Finding biomarkers for moderate depression using blood nuclear magnetic resonance metabolomics
Depression is a common and debilitating illness that affects people of all ages and demographics, largely independent of economic factors. Depression can be treated with antidepressant drugs, which are effective in some people but not others. The precise reason for this discrepancy remains unknown, but probably reflect the fact that people with depression have all had different social, cultural, and physiological trajectories leading up to the point that the diagnosis was made. For example, some people may have developed depression where dietary factors and obesity may greatly contribute to their psychological symptoms. Others diagnosed with depression have normal weight and diet, but experienced psychological trauma, or are burdened with another medical disease like cancer, which contributes to their symptoms of depression.
In addition to this, the brain likes to keep secrets. It is harder to see what is going on in the brain than any other organ in the body, so understanding the precise mechanisms of how brain function is different between depressed and non-depressed people is difficult. Using a very large sample population, we can group individuals who have self-reported depression based on shared characteristics, such as age, sex, body mass index, level of systemic inflammation, and nutrition.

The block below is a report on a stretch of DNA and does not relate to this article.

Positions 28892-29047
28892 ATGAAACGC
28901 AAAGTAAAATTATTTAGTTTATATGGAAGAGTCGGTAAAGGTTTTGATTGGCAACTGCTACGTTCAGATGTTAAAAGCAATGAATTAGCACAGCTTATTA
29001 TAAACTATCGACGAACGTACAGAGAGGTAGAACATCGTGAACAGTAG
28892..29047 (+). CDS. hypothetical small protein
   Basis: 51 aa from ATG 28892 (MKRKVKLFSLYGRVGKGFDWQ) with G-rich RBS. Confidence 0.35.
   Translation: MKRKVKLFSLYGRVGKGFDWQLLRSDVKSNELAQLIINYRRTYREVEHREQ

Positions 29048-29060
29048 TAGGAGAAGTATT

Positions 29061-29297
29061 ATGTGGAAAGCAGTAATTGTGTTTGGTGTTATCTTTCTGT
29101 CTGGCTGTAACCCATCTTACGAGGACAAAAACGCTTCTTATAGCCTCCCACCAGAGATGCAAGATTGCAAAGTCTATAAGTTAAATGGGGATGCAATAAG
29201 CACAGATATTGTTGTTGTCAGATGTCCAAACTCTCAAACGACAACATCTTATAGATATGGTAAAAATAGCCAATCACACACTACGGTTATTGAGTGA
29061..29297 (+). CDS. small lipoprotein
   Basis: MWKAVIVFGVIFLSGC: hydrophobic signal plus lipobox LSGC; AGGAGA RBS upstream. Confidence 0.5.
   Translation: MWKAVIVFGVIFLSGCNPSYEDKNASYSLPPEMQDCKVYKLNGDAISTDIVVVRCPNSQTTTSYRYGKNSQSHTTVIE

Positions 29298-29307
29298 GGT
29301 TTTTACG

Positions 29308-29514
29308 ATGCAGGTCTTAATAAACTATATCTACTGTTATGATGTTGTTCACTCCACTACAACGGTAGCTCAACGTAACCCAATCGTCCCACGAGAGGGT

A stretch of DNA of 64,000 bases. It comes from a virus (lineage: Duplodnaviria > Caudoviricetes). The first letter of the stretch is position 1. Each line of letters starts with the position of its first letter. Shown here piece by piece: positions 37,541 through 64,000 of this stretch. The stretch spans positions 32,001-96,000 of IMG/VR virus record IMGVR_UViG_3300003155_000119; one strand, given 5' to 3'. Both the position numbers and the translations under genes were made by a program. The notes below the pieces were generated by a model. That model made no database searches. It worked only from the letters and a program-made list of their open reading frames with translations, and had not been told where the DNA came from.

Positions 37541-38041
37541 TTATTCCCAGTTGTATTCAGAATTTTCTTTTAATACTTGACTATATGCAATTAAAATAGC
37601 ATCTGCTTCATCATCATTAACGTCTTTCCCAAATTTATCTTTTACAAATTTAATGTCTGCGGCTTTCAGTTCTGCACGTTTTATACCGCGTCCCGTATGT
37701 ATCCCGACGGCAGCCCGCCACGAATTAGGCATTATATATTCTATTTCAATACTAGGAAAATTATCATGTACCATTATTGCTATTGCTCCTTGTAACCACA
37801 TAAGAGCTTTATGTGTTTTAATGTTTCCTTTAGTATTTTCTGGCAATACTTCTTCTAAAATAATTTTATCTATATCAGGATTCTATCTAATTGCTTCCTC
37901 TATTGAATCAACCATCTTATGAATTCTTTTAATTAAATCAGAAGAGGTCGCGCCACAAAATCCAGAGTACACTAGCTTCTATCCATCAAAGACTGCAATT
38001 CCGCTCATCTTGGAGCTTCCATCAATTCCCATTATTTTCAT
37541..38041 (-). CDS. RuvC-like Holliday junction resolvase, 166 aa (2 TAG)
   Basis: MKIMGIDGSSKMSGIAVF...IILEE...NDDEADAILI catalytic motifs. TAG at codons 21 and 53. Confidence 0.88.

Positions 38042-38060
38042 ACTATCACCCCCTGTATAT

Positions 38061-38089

By classifying people with depression in this way, we aim to see whether the presence of depression can be predicted by the relative abundance of small chemical compounds, known as metabolites, in the blood. Metabolomics, the study of metabolites, can be used as a tool for defining the presence or progress of disease, and identifying biological targets for new therapeutics. We aim to determine whether a person can be predicted as having depression based on the concentration of a combination of their blood metabolites, and we expect the accuracy of a prediction is likely to vary if we narrow our focus based on specific characteristics.
We expect that the study will take approximately 12 months to complete, as we will be exploring how depression is associated with lifestyle, demographic, and blood chemistry factors in many different combinations. In addition, our current methods for classifying disease based on metabolomics must be adapted to the UK Biobank's much larger cohort. Depending on how accurately we can predict depression, this study has the potential to influence the way depression in the community is diagnosed and treated.